Since the degree of unbalance of bit line pairs may vary depending on the selected one of word lines WA0 through WA2, the amplitudes of φ0 through φ5 are differentiated depending on the selected one of word lines WA0 through WA2 as shown in FIG. 40. Thus, the technique used in this embodiment differs from any known dummy cell techniques or coupling techniques of a single correction type with which all the amplitudes of the control signals are made same and identical.

Referring to FIG. 40, as the data of a memory cell is read out, the control signal connected to C1 of the bit line of the sense amplifier section located on the bit line side of the memory cell from which the data is read out is lowered. For example, when WA0 is selected, the memory cell data is read out onto /BLA0 so that φ0 is lowered to VFFA0. FIGS. 41A through 41D illustrate exemplary circuits that can realize such a variable amplitude.

Signal φ0 is precharged to VCC because φFFA0 and φFFA1 are at level "L". When WA0 is selected, only VFFA0 is raised to level "H" and φ0 is lowered to the source voltage of VFFA0.

When different source voltages of VFFA0, VFFA1, VFFA2, VFOA0, VFOA1 and VFOA2 are generated in the chip in FIGS. 41A through 41D, the circuit of FIG. 42 can generate any desired voltage from VCC and VSS in a simple manner.

Referring to FIG. 42, at the time of precharging, /φPRE is at "H" and CX0 and CX1 are precharged to VSS, while φ is precharged VCC because φFFA0 and φFFA1 are at level "L". Then, as /φPRE goes to level "L" and φFFA0 rises to level "H" as a result of the selection of WA0, output φ0 falls as a result of charge distribution of capacitance CX0 and negative capacitance CY.

The amplitude of φ0 can be varied freely by changing the values of CX0 and CX1. This technique can be applied to the arrangement of FIG. 38.

It should be noted that, not only the amplitudes of φ0 through φ2 can be independently varied but also the location of the word line used to select the value of capacitance C1 of the sense amplifier, the locations of the sense amplifiers for receiving φ0 and φ1, capacitance C1 of the sense amplifiers for receiving φ2, φ3, φ4 and φ5, the amplitude of dummy word lines and the potentials of dummy cells if they are of the type of external data writing in order to correct any undesired unbalances.

Note that the above embodiments may be modified within the scope of the invention.

The following embodiments are designed to improve the logic circuit for determining the remainder of the division of the address of a word line by three, the output of which logic circuit is used as a signal for driving memory cell arrays for the purpose of the invention. Note that such a logic circuit may also be used for Embodiments 1 through 13 described above.

(Embodiment 14)

FIG. 43 is a circuit diagram of a fourteenth embodiment of DRAM according to the invention. This embodiment is a dynamic semiconductor memory device with an open/folded hybrid BL configuration, wherein each of the cell arrays comprises a total of 256 word lines. The basic configuration of the device is not particularly different from that of any comparable conventional devices.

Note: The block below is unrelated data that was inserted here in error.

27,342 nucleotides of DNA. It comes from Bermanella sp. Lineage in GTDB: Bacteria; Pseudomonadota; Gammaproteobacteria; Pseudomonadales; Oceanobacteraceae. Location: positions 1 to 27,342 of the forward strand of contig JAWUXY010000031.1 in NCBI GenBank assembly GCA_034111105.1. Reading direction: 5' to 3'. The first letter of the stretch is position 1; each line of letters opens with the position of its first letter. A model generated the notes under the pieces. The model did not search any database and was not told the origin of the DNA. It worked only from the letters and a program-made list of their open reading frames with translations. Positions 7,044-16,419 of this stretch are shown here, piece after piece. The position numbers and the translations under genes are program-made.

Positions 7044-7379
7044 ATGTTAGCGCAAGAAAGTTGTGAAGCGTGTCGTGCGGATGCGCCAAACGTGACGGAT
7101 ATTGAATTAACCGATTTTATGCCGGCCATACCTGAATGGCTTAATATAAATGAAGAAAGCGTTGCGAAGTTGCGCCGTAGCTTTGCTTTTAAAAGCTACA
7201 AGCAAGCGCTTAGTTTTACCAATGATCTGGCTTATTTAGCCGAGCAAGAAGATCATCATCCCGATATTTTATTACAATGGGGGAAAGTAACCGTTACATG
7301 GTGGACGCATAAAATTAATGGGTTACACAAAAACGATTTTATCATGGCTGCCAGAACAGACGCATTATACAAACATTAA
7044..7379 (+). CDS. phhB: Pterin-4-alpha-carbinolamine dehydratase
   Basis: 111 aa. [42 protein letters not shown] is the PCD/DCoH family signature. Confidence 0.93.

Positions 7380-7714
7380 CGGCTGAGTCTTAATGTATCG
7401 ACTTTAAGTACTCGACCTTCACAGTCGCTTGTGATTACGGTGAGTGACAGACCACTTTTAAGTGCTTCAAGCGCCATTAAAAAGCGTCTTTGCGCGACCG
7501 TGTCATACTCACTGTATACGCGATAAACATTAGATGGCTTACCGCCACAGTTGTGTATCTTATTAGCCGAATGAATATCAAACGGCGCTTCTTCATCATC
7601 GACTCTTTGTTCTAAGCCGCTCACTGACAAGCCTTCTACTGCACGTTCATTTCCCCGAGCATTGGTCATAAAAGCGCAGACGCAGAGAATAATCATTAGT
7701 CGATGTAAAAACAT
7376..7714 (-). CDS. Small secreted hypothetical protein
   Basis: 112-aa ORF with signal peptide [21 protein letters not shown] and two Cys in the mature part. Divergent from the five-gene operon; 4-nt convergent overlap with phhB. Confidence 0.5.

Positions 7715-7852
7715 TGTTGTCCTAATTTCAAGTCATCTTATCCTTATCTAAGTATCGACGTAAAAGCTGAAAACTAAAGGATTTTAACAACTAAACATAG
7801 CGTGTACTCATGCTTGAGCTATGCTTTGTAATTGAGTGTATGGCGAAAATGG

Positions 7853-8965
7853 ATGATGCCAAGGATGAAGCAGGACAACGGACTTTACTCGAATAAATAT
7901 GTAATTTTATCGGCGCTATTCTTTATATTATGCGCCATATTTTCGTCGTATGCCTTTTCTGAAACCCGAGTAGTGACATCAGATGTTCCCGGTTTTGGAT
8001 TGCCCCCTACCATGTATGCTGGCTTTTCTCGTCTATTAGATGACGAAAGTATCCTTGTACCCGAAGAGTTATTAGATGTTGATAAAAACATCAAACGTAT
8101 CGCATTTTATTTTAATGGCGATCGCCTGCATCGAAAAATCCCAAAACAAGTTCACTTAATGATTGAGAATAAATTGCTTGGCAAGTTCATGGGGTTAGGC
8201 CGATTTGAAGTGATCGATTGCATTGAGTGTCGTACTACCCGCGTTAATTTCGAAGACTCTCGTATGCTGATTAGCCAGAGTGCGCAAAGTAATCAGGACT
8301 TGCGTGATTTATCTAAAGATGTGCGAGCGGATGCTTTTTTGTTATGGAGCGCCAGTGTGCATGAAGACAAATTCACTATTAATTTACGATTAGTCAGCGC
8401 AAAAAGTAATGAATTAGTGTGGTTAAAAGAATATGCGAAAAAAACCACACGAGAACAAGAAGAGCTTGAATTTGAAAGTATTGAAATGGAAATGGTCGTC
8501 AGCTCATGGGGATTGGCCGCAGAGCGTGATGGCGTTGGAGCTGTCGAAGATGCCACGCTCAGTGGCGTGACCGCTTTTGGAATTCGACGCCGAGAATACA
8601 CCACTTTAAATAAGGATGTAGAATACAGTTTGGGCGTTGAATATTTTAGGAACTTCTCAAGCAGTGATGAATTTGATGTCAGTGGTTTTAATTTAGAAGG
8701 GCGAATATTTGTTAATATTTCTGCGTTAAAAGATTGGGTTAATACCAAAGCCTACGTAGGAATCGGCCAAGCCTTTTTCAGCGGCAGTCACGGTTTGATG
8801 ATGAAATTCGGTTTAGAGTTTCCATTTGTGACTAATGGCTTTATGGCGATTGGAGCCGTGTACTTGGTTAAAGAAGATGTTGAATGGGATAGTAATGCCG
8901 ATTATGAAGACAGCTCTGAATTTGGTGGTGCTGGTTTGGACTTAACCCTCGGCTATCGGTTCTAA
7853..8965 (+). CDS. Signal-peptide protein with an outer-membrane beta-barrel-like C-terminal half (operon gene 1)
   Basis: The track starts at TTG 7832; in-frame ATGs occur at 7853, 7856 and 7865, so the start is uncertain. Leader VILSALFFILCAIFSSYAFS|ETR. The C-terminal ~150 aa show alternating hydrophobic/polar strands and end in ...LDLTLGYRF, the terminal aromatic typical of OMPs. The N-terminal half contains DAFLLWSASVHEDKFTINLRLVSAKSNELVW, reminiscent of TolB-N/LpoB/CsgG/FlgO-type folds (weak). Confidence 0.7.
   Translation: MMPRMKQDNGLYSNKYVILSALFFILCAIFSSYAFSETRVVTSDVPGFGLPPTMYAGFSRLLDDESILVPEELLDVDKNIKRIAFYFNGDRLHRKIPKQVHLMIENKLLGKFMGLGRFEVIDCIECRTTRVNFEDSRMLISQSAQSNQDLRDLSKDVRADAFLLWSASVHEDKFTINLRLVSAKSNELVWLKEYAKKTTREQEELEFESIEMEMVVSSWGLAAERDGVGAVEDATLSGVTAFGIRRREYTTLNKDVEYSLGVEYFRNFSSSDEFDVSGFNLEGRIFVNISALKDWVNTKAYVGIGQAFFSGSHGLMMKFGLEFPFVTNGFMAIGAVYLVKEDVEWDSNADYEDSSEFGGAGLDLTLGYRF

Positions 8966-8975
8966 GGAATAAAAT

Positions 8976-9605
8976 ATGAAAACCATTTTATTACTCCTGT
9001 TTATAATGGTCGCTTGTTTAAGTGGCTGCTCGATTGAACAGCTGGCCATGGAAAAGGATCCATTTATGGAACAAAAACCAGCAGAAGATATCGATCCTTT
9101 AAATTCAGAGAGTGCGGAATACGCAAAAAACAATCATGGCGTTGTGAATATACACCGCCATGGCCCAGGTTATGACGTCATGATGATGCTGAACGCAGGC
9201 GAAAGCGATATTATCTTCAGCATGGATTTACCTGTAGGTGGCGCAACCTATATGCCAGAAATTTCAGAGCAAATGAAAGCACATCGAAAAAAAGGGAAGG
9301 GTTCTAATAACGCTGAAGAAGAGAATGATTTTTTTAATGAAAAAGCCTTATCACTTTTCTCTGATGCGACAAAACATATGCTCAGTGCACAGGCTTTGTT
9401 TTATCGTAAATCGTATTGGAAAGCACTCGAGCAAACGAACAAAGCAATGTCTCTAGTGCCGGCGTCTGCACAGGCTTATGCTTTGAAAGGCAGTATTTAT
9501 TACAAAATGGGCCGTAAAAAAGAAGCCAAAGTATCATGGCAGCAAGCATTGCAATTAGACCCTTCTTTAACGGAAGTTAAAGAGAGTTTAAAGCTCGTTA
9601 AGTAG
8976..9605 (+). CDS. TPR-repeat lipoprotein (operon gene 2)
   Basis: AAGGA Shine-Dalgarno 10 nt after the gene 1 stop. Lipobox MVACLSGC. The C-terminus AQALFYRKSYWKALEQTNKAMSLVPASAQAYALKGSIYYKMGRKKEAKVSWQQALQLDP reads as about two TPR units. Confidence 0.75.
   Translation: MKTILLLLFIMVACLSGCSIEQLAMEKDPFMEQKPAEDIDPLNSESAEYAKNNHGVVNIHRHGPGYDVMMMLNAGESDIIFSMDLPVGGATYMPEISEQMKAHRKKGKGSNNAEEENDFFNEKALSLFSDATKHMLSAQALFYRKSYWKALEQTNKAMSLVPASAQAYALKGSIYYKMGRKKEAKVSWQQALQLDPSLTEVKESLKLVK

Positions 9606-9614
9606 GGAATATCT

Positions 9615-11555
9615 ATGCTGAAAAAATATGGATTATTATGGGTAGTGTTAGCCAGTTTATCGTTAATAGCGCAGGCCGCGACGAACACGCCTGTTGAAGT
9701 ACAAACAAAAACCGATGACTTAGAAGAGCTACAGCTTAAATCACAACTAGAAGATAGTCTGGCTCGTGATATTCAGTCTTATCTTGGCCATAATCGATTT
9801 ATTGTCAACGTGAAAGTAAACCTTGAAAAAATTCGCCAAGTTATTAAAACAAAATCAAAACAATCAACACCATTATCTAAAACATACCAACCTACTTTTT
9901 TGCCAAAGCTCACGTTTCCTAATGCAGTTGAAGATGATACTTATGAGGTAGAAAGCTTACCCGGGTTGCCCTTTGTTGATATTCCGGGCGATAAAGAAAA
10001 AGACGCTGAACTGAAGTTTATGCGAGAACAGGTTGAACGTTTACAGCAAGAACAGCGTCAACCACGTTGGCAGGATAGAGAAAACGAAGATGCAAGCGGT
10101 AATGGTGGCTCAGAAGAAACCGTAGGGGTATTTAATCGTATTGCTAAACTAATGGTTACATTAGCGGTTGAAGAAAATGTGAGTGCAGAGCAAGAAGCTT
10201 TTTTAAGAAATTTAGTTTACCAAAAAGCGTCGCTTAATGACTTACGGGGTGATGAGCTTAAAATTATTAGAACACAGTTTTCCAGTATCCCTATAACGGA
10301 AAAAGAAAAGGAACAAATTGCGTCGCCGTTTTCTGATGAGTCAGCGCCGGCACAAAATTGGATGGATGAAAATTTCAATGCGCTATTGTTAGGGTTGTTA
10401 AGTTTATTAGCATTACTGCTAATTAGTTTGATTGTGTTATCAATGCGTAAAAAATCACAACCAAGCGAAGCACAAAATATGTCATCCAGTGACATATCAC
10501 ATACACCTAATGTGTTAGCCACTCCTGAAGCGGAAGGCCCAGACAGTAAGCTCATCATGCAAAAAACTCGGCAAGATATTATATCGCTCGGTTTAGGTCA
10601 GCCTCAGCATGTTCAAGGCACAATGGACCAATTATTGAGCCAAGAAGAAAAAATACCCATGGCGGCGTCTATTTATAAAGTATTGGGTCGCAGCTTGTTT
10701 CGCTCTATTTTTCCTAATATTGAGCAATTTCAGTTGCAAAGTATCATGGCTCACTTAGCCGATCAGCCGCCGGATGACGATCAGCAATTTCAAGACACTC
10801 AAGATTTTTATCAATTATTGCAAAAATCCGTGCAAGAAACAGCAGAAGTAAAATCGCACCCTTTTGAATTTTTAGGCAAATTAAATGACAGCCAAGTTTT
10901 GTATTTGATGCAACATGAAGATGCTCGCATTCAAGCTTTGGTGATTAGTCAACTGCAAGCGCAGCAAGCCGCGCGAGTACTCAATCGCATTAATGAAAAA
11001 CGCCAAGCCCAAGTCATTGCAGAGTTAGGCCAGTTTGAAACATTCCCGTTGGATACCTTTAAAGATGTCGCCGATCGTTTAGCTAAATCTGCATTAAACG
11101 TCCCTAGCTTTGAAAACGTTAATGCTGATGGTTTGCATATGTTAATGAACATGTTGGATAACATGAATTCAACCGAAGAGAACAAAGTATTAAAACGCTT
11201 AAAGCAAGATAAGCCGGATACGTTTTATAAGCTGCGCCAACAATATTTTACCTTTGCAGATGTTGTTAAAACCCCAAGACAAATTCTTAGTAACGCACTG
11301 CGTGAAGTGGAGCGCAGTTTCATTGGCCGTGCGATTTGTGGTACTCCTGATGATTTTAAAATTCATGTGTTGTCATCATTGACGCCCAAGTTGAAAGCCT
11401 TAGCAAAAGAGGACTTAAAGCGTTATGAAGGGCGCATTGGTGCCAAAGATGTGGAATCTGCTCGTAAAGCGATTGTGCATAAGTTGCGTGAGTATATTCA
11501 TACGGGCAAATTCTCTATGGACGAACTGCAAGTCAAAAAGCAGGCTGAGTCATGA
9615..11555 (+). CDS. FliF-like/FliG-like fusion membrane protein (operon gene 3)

A 8-bit address of A0 through A7 is used for the word lines. FIG. 44 is a circuit diagram of a surplus circuit for determining the remainder produced by dividing the address of the selected word line by three.

In the embodiment, three signal lines Z0, Z1 and Z2 are used for the output of the surplus circuit as in the case of the known surplus circuit described earlier. More specifically, Z0 ="1" is used if the remainder of the division by three of the address is equal to 0 and Z1 ="1" is used if the remainder of the division by three of the address is equal to 1, whereas Z2 ="1" is used if the remainder of the division by three of the address is equal to 2. In addition, that the chip is in a stand-by state is expressed by Z0 =Z1 =Z2 ="0".

The relationship between the output of the surplus circuit and the input address is shown in Table 2 below.

              TABLE 2______________________________________A7A6      A5             A4                  A3                       A2                            A1                                 A0                                      Z0                                           Z1                                               Z2______________________________________0    0     0      0    0    0    0    0    1    0   00    0     0      0    0    0    0    1    0    1   00    0     0      0    0    0    1    0    0    0   10    0     0      0    0    0    1    1    1    0   00    0     0      0    0    1    0    0    0    1   00    0     0      0    0    1    0    1    0    0   10    0     0      0    0    1    1    0    1    0   00    0     0      0    0    1    1    1    0    1   00    0     0      0    1    0    0    0    0    0   1. . .                    . . .1    1     1      1    1    1    1    1    0    1   0when chip is in a stand-by state                    0      0     0______________________________________